Peruvian Aji Amarillo

Very cool! You know, that fennel or dill is taking away valuable Aji space! LOL! Same with the cabbage. I’ll mail you some seeds soon, now that our mailbox isn’t a solar oven.

Late December and these plants continue to produce tons of fruit. By now, we’re putting ajis into our corn flakes and ice cream, as they are coming out of our ears. What remains unusual about these plants is how long it took for fruit to ripen and the crop coming ripe in a shorter timeframe (as well as the dropping of unripe pods). Still, I can’t complain about the overall outcome and will certainly be growing these again next year!

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Will you "overwinter " the plants ? I think I’ll bring one plant in today.

Before and after cutting back.

That’s quite the haul! No wonder they were dropping fruit earlier; there were too many and the plants self-thinned. BTW, one of the best ways to preserve them is to blend them with neutral-flavored oil, into a smooth paste. Then, pack glass jars with the paste, squeezing out as much air as possible. Wide-mouthed pint Mason jars work well. Leave about 1/2 inch of head space, for ice expansion in the jars. A thin layer of oil on top can help keep oxygen away for longer-term storage. Freeze the paste. Because it’s blended with oil, it’s easy to scoop out what you need without fully defrosting the jar.

Another delicious use is to deseed, core them and use them in an olive salad spread, sort of like a muffaletta. Olives, celery, capers, vinegar, etc. get chopped up in a food processor. It’s all “to taste”, but here’s the basics:
About 50% olives-green w/pimientos and Kalamata-pitted, or whatever you like!
50% Aji peppers, cored, deseeded
To this “base”, add capers (optional), celery-chopped, garlic (I press fresh garlic), olive oil, red wine vinegar, black pepper a little dry basil.
Put in a food processor and make a chunky spread, stopping to scrape down the sides and adjust liquids, if needed.

This can be frozen, if desired. It’s pretty addictive! Great on toast, crackers, sandwiches, lots more.

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The “after” looks so sad! Still, it is winter.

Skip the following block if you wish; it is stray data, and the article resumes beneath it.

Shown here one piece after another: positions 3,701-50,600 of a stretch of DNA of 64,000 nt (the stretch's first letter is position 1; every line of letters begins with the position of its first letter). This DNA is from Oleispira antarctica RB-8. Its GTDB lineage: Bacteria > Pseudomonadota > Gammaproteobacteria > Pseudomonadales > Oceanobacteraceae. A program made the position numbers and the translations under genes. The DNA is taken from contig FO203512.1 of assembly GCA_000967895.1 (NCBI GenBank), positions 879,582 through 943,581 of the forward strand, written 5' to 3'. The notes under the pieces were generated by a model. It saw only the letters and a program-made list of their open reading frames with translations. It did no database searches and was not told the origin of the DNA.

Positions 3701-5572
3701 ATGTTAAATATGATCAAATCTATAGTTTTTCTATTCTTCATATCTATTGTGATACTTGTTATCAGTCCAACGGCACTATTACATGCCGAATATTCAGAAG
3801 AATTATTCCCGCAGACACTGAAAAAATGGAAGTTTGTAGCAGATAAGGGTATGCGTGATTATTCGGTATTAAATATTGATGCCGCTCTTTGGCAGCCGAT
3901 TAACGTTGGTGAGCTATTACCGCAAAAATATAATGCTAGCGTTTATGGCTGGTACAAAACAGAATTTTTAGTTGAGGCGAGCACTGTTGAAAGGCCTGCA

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Yes, and we will have highs in the 40’s and lows in the 30’s this week, which is considered pretty cold around here. They grew so well that I’m not so worried if it doesn’t make it, and I have to start over.

I don’t think so, shrinkrap - I have tried that in the past, with mixed success, but my conclusion has been that growing fresh from seed is best for me, on balance. “Over-winter” here in San Diego is pretty much “leave them outside”, as the winter is pretty mild. They will survive and grow back, but results are mixed, so I’d rather take my chances with new plants, given my limited growing space.

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Yeah, and that’s just what’s left after a few months of taking the ripe ones. Then suddenly, they all decided to get ripe. Thanks for the preserve ideas - I have been looking at various salsa and sauce recipes to use them up. Perhaps one last batch of fermented hot sauce featuring Aji amarillo!

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I’m drying some in my new “airfyer” which has a dehydration setting.

Nice! Looks like you got some pretty big Aji! The Peruvians use the dried Aji Amarillo, calling them “mirasol”. Mirasol is confusing, since there are a few peppers, in different countries, called that.
Gastón Acurio’s book “Peru the Cookbook” has a lot of recipes using fresh and/or dried Aji. Unfortunately, the English version does not list the Peruvian names for dishes, so it’s hard to find classic, iconic recipes; Aji Gallina is listed as “Chicken Chili”. So, I’m slowly making a separate index, so I can find recipes using their local names.

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Keep in mind Sugar Rush Peach and any Capsicum baccatum can cross with Aji Amarillo. The cross may be excellent, but once you mix up the gene pool, it’s hard to insure pure stock.

That being said, since Sugar Rush Peach is way more tolerant of heat, it might be useful as a parent to intentionally cross Aji Amarillo, maybe going back to Aji Amarillo once or twice, to get the flavor of the Aji, but heat tolerance of the Sugar Rush Peach. Lemon drop is another heat tolerant C. baccatum, which might work to breed a sturdier Aji. Good grief…do I dare take on another plant project? LOL!

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Yeah, I’m afraid we’ll never know what happened for sure, but the end result was positive. I still have tons of plump, orange peppers on the plants, which have now lost all their leaves. We keep using them in every meal we can think of. Thanks for the seeds you sent - I’ll be crossing my plants with yours, plus against the original Aji plant I purchased, we we’ll have an Aji something that is vigorous and tasty.

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Does anyone have any recommendations for seed source? Thank you :blush:

Welcome LaChiui_C!

If you email me your address, and you’re in the USA, I can mail you some Aji Amarillo seeds. I grew a lot of them a couple years back and harvested a lot of seeds, which are kept cold in a seed bank. Outside of the US, there may be laws controlling seed shipments.

rob.botanique is the first part of the email. Finish that with @gmail.com and that’s the best way to contact me. There’s no charge or cost.

Originally, all my seed came from Peru, several collections to mix up the genetics. These are all the “Escabeche” form, the most common, widely used type in Peru.

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